For housing records kept on the blockchain, this is illustrated below. For instance, Block 2 offers a key after factoring in all the data from Block 1 (including the key) and entering it into a formula. When all the data from Blocks 1 and 2 (including the key) are taken into account and entered into a formula, Block 3 then outputs a new key. As a result, the process keeps repeating itself.

Proof of Work (PoW) vs. Proof of Stake (PoS)

Consensus procedures, which include validating transactions without the involvement of a third party like a bank, enable public blockchains to work.
Two of these mechanisms are PoW and PoS. While the end result—a consensus that a transaction is valid—remains the same, the process they use to get there differs slightly.

What Is PoW?

The first consensus mechanism was PoW, the technical name for mining. As of this writing, it is still utilized by Bitcoin and Ethereum, although as already mentioned, Ethereum will switch to PoS around 2022. PoW is based on encryption, which employs mathematical problems that can only be solved by computers.
This system is explained by the example of how blocks are added to the Bitcoin Blockchain in the preceding section. The two main issues of PoW are its high electricity consumption and the fact that it can only handle a small number of transactions at once (seven for Bitcoin). Normally, transactions take at least 10 minutes to process, and this delay grows when the network is busy.

What Is PoS?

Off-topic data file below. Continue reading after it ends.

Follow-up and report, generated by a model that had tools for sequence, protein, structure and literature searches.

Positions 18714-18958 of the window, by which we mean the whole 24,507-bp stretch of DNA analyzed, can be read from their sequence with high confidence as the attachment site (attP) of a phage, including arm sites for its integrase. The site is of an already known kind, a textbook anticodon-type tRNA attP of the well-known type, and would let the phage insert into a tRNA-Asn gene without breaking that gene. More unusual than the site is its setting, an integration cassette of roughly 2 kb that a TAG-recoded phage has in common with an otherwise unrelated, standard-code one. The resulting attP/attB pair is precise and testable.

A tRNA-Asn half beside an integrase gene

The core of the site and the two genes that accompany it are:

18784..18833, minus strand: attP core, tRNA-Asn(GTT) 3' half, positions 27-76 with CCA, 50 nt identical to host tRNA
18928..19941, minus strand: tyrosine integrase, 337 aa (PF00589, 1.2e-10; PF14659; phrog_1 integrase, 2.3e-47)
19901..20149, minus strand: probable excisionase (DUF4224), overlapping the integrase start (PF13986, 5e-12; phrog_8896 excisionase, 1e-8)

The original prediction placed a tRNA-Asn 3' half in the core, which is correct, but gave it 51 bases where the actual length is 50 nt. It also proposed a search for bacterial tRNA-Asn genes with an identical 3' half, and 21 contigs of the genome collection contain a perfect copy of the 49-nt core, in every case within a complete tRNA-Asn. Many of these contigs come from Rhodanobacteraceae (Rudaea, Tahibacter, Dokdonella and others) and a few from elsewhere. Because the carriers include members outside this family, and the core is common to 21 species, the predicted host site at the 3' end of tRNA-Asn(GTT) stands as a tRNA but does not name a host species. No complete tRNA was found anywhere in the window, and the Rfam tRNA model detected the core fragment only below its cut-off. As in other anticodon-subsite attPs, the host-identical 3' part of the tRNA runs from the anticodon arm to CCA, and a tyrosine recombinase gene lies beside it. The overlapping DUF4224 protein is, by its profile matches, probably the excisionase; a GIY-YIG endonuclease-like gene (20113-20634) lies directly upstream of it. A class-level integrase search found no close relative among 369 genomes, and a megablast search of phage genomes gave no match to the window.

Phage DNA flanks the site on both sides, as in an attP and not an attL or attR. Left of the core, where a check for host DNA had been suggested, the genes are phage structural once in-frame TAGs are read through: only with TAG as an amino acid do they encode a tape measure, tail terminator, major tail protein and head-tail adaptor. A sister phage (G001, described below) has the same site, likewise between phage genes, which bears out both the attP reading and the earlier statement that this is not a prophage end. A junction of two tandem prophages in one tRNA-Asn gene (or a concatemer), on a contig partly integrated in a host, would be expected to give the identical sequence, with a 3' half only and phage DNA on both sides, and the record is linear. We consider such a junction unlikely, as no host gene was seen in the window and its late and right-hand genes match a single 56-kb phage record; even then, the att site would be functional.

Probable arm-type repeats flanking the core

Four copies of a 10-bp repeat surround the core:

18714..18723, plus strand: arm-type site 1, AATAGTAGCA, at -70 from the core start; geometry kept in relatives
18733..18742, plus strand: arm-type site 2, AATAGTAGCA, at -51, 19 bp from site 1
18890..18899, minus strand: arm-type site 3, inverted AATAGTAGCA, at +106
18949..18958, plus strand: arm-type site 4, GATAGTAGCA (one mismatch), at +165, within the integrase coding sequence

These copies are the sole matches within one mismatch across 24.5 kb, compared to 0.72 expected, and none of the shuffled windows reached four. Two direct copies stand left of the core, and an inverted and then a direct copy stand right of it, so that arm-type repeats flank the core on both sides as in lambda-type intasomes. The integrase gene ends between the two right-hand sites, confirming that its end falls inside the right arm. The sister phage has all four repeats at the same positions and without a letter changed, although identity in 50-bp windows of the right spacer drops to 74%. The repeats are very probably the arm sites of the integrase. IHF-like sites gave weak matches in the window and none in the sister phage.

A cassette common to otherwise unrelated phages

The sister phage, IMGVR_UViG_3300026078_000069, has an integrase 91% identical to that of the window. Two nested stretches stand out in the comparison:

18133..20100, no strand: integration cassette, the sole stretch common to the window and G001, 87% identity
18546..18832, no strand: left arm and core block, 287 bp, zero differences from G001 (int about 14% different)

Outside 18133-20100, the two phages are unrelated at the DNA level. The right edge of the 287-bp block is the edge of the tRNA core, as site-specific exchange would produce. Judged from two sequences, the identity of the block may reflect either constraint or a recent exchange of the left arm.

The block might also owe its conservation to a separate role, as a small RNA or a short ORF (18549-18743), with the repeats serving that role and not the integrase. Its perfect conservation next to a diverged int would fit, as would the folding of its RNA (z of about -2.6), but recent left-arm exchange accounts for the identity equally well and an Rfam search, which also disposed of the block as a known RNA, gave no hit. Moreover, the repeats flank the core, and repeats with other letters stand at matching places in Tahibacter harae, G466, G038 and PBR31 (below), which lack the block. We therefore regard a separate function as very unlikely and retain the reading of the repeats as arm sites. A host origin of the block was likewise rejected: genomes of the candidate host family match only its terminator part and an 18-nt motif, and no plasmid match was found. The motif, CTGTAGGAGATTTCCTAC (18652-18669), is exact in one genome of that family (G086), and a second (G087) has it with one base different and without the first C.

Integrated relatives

PoS still uses cryptographic algorithms for transaction validation, but the chosen validator for each transaction is determined by how many coins it has, or its stake.

There is no block reward, therefore theoretically no one is mining. Instead, “forged” blocks are used. Participants in this procedure lock a predetermined quantity of coins on the network.

A person’s mining strength increases with their stake size, increasing their likelihood of being chosen as the following block’s validator.

There are various selection processes employed to make sure that the people with the most coins aren’t always chosen. These include coin age selection and randomized block selection, which selects forgers based on the length of time they have kept their coins and the forgers with the largest stake and lowest hash value.
As a result, transaction times are shorter and costs are reduced. For instance, transactions can be sent and received using the cryptocurrencies NEO and Dash in a matter of seconds.